We’re deep in Roger Corman territory with “Impostor,” a cheesy sci-fi flick based on a short story by Philip K. Dick. In fact, Corman made a cable movie back in 1995 that shared numerous plot points with this one (though it made no mention of Dick’s paternity): “Suspect Device” starred C. Thomas Howell as a bewildered young man who suddenly becomes a non-person to friends and family and, it gradually becomes apparent, is a scientific experiment–a walking, talking nuclear bomb being pursued by the dastardly types who created him. In the present picture, set some seventy-eight years in the future when earth is at war with extraterrestrials called the Centauri, a prominent scientist, Spencer Olham (Gary Sinise) is arrested by an intelligence agent named Hathaway (Vincent D’Onofrio), who believes him to be an enemy replicant that’s replaced the murdered human and carries within him a bomb set to detonate when he gets near his preprogrammed target. Of course, the captured Olham (or whatever he is) escapes, and a long, tedious chase begins, with lots of vaguely existentialist “Who am I?” worrying along the way. There’s a big surprise ending that doesn’t prove much of one.
We’ve seen similar Dick-based stuff before in “Blade Runner” (1982) and “Total Recall” (1990), but both those films were far superior, not only because they were visually much more imaginative, but because each of them was made by a consequential director (the former by Ridley Scott, the latter by Paul Verhoeven). By comparison “Impostor” looks like a cheap knockoff, at many points not significantly better than direct-to-video fare, and helmer Gary Fleder is pretty much a hack. It should also be noted that Sinise is no Harrison Ford or Arnold Schwarzenegger; though he’s buffed up considerably, he’s hardly the likeliest action hero around, and his earnestness quickly grows dull. (He’s as implausible in the second portion of the picture as Big Ah-nold would have been as the brilliant scientist in the first.)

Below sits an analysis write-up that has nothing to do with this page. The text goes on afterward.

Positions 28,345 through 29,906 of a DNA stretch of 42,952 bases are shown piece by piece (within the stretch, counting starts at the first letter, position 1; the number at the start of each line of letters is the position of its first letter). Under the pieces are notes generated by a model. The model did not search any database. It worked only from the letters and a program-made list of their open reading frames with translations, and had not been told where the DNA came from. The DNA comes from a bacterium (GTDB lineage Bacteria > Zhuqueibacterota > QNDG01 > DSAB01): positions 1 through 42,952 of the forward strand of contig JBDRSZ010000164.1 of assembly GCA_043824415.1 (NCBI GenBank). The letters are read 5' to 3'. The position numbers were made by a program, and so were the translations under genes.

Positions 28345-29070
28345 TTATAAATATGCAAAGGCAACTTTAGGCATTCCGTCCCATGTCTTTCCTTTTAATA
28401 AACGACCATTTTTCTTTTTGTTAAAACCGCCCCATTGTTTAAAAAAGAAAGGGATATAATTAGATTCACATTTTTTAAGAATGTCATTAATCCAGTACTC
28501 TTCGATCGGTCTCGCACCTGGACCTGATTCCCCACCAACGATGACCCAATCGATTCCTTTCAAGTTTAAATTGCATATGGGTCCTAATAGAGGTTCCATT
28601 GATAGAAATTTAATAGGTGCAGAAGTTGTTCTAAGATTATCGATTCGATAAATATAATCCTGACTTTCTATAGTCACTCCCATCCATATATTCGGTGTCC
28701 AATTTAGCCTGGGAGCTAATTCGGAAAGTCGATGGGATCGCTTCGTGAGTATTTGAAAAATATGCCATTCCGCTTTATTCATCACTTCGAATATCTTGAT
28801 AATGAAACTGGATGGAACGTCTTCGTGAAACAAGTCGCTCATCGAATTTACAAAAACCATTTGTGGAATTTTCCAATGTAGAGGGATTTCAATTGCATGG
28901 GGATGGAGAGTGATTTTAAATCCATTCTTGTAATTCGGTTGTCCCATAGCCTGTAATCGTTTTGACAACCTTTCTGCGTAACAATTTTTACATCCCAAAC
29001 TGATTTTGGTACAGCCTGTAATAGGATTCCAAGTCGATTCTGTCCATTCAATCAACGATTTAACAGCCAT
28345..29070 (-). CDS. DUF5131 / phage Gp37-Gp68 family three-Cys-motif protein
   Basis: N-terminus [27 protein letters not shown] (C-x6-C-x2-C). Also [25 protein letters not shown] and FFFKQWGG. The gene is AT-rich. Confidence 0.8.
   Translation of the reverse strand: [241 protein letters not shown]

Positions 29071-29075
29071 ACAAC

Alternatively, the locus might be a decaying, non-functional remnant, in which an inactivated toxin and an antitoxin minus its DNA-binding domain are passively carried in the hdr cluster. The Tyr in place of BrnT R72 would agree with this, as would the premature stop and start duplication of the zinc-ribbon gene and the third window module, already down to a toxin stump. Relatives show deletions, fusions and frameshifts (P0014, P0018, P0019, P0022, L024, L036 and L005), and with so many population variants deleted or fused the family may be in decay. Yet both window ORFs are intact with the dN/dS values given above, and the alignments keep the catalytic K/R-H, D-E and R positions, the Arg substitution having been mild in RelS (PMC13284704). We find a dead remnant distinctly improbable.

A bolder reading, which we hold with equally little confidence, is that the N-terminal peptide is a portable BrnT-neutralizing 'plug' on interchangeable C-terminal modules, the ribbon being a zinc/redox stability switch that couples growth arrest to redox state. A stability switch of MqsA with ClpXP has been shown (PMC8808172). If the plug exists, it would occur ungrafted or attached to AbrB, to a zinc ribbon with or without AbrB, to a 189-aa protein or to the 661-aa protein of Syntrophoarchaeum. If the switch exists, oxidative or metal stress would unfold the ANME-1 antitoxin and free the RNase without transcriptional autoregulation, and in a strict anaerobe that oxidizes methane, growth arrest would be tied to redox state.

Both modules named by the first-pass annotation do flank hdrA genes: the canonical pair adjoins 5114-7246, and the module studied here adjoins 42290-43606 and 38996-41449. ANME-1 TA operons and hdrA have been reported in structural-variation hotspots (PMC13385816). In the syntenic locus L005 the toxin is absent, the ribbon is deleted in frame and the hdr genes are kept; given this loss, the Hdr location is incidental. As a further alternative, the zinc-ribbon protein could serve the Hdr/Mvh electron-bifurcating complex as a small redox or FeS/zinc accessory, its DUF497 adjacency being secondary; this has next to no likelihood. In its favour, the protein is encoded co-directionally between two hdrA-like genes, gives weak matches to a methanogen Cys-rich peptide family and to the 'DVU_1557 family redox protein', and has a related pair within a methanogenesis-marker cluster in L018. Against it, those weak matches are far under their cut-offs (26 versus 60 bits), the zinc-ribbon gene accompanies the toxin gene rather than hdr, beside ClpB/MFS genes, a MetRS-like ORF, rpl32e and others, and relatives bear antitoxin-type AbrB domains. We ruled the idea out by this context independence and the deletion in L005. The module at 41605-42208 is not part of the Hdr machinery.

He’s not the only actor here who seems to be slumming. D’Onofrio hams it up beyond all measure as the stern, amoral Hathaway, and the participation of Madeleine Stowe, Tony Shalhoub, and Mekhi Phifer in uniformly thankless roles is something that should lead them to have a stern talking-to with their respective agents. All can at least be grateful for the fact that few viewers will see them in this turkey.
It should be noted that although “Impostor” is appearing after Fleder’s big-budget Michael Douglas bomb of last fall, “Don’t Say A Word,” it was actually made a good deal earlier. Like the recent “Texas Rangers,” this is one of those Miramax misfires that’s been gathering dust on the shelf for years. (Not long enough, though–the images are still visible.) Nonetheless one can be thankful that the studio reconsidered its original decision to release the picture on December 25, giving it one more postponement until early 2002. A holiday premiere would truly have been a cinematic lump of coal in our Christmas stockings.